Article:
The window at The Talk of the Town Bookstore in San Marcos. Photo by Andy Sevilla.
By ANDY SEVILLA
The San Marcos City Council unanimously extended a prohibition against sexually oriented businesses (SOBs) this week while the city staff and council struggle to decide how such businesses should be zoned.
The extension, passed on emergency, keeps the moratorium in effect until April 30. The city’s initial six-month moratorium passed on May 11, 2009, just as the city was about to begin extending bar hours until 2 a.m.
The moratorium was set to expire at the end of this month, which would have allowed SOBs to set up shop in areas where they’re not prohibited by ordinance.
In their first meeting of the year, councilmembers directed staff to draft an ordinance regulating SOBs even further than the staff originally proposed. San Marcos Mayor Susan Narvaiz wanted an avenue for public hearings at the Planning and Zoning (P&Z) Commission level, as well as advanced notification to surrounding neighbors and business of SOBs seeking to plant roots.
The U.S. Supreme Court has ruled that municipal governments have the authority to regulate SOBs in efforts to minimize secondary effects, such as crime and property devaluation. In doing so, cities can effectively zone certain parts or districts within their jurisdictions for SOBs, though they cannot disallow SOBs outright, which would constitute an infringement on free speech.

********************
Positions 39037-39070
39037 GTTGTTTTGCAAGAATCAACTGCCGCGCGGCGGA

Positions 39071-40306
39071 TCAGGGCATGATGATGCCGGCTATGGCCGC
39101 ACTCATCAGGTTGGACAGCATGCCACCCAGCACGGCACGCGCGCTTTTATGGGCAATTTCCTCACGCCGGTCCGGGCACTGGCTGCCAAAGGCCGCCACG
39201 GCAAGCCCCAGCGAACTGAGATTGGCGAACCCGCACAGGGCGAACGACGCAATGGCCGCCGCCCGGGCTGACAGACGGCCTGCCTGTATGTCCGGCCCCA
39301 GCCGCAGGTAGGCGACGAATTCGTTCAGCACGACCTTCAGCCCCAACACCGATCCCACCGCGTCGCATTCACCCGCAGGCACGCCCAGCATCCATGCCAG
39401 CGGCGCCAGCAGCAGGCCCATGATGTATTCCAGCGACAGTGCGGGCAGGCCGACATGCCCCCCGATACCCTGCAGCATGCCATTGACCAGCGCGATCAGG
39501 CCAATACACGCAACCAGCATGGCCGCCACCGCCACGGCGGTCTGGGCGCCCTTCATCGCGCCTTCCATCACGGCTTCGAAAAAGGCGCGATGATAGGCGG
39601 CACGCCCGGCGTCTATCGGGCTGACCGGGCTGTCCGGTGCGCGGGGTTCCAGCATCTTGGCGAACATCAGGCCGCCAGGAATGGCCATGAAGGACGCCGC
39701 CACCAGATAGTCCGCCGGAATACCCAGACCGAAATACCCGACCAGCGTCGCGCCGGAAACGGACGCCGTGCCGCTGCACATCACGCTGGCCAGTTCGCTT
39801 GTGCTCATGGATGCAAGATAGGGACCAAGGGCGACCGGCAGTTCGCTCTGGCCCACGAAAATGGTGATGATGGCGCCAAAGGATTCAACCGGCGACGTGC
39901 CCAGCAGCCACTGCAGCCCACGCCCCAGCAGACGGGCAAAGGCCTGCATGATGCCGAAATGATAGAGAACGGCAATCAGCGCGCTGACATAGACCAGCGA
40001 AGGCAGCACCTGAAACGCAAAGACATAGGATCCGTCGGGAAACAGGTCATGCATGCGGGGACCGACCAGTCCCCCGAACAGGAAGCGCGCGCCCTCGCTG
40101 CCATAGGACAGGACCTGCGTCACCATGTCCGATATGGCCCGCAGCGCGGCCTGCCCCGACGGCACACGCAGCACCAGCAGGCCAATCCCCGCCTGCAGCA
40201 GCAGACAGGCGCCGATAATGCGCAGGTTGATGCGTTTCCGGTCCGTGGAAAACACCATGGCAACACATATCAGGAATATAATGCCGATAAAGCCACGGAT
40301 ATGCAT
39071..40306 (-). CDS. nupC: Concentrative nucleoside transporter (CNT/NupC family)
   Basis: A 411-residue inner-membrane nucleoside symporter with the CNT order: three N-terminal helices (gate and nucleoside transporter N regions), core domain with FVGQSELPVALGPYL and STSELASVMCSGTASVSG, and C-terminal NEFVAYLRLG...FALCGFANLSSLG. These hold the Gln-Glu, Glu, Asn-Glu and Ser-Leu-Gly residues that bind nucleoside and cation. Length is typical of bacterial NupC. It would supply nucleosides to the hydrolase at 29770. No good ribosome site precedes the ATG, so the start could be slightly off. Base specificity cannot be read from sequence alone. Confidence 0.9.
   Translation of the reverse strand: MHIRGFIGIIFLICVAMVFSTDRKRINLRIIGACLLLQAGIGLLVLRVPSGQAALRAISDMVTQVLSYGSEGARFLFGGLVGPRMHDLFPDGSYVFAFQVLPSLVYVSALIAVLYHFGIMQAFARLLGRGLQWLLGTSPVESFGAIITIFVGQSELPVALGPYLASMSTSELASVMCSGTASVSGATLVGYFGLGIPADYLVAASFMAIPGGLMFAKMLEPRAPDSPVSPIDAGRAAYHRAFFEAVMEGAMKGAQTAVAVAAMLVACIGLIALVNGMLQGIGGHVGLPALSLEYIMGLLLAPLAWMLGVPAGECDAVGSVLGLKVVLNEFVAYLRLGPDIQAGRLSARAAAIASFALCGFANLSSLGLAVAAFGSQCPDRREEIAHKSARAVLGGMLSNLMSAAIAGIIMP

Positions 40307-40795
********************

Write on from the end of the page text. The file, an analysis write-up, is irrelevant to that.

In a 1976 decision, Young v. American Mini Theathres, the U.S. Supreme Court voted, 5-4, to uphold a Detroit ordinance requiring disbursement of SOBs throughout the city. Justice John Paul Stevens said in his opinion that municipalities have the right to address secondary impacts on their jurisdictions, through zoning laws, so long as the First Amendment is protected.
“… The First Amendment means that government has no power to restrict expression because of its message, its ideas, its subject matter, or its content,” Stevens wrote. “…To permit the continued building of our politics and culture, and to assure self-fulfillment for each individual, our people are guaranteed the right to express any thought, free from government censorship.”
City staff has presented council with an ordinance determining heavy-industrial and light-industrial zones as appropriate grounds for SOBs. The allowable zones under the proposal amount to about 834 acres, or 4.4 percent of the city’s land area. However, the allowable areas also include some of San Marcos’ biggest employers. In addition, those parts of the city are in line for about $175 million in public improvements.
The proposed ordinance also would prohibit exposure of genital or private areas while also prohibiting entertainers from performing within three feet of a customer. Patrons would be prohibited from closed areas where they cannot be easily seen, excluding bathrooms, and the owner/managers of adult cabarets would be required to keep lists of all employees, whether on or off-duty.
In other council business, several appointments were made to city commissions and boards. Newly elected Councilmember Ryan Thomason was appointed to the Capital Area Housing Commission. Arthur Taylor was appointed to the Ethics Review Commission. Christie Neumann was appointed to the Main Street Advisory Board. Pat Murdock and Barry Davis were appointed to the Veteran’s Affairs Advisory Commission.
The hot oil and shaving creme wrestling show packed the dance floor Wednesday night at Nephew’s. Photos by Andy Sevilla.